I found this here: https://access.redhat.com/documentation/en-us/red_hat_virtualization/4.1/html/installation_guide/appe-configuring_a_hypervisor_host_for_pci_passthrough

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T-vK commented Mar 14, 2019

@brandsimon Thanks.

I wonder if it would be possible to use a USB to HDMI adapter and simply pass that through to the VM to make it think there is a monitor. Or maybe that adapter in combination with an EDID dummy plug.

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T-vK commented Mar 18, 2019

@ArtyomFR Apparently there is an alternative to Looking Glass called dma-buf, which you can use if you have GVT-g working.

Also very interesting: https://lists.01.org/pipermail/igvt-g/2018-April/001409.html

After quite a bit of experimentation and and another OVMF patch [4], we
finally got GVT-g display output working with a UEFI + Windows guest.
This resulted in both the GVT-g iGPU and the Nvidia dGPU initialising
correctly, and showing up in Windows Task Manager's performance tab.

So maybe that could even solve error 43 to some degree.

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ktod16 commented Mar 19, 2019

Hi let me share my updates on this..

I am more or less in the same situation with brandsimon. As soon as the dGPU is assigned to vfio pci driver the HDMI stops working. When I plug the HDMI cable fedora is showing the multi monitor menu(extent right/left etc.) but irrespective to what I select nothing happens.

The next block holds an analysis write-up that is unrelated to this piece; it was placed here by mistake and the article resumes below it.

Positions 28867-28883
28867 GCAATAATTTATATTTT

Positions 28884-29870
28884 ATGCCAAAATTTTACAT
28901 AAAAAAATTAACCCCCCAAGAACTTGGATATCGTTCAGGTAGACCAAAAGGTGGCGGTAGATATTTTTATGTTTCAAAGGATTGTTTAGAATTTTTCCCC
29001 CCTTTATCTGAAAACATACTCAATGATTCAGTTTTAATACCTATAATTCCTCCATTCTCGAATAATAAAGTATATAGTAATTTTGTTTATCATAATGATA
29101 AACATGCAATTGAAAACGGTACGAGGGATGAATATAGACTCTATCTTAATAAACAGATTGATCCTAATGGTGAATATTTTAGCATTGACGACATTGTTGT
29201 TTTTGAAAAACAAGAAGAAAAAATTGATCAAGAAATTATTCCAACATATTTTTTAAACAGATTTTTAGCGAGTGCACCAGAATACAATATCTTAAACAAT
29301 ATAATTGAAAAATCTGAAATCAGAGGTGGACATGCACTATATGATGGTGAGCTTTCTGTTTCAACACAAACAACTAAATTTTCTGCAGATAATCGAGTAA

In windows the same happens if I disable dGPU in Device manager. If i keep only intel gpu I loose external monitors.
I think this is some how related to BIOS video settings. In bios I can select Hybrid or Discrete only. I don't have the option o selecting Intel only. In the operating system if somehow Intel remains alone it is not supporting eternal monitors.
Now back to Passthrough.
Out of curiositty I created a Win7 VM (Q35/BIOS)and I managed to install Nvidia driver(modified to include new hardware ID) in Windows7. Now in device manager the device is working properly but when I open Solitaire (game) I get a windows message that "3d acceleration is not enabled or my video card don't support it........" I'm using KRDC to access the VM and I kept only the dGPU as display adapter(no Spice, no QXL nothing). Also no external monitor detected.
Back in Windows10 I managed to set GVT-g and windows automatically installs Intel driver(adapter correctly identified) but for Nvidia I have to do it manually with the modified nvidia driver. The problem is Code 43. Again no external monitor detected and I use KRDC. Also my windows OS is installed as BIOS, maybe that is the issue.
One more thing: using GVT-g introduces some sort of lag in Windows. If I want to drag a window, the mouse is moving correctly but the window remains a little bit behind (like a delayed movement).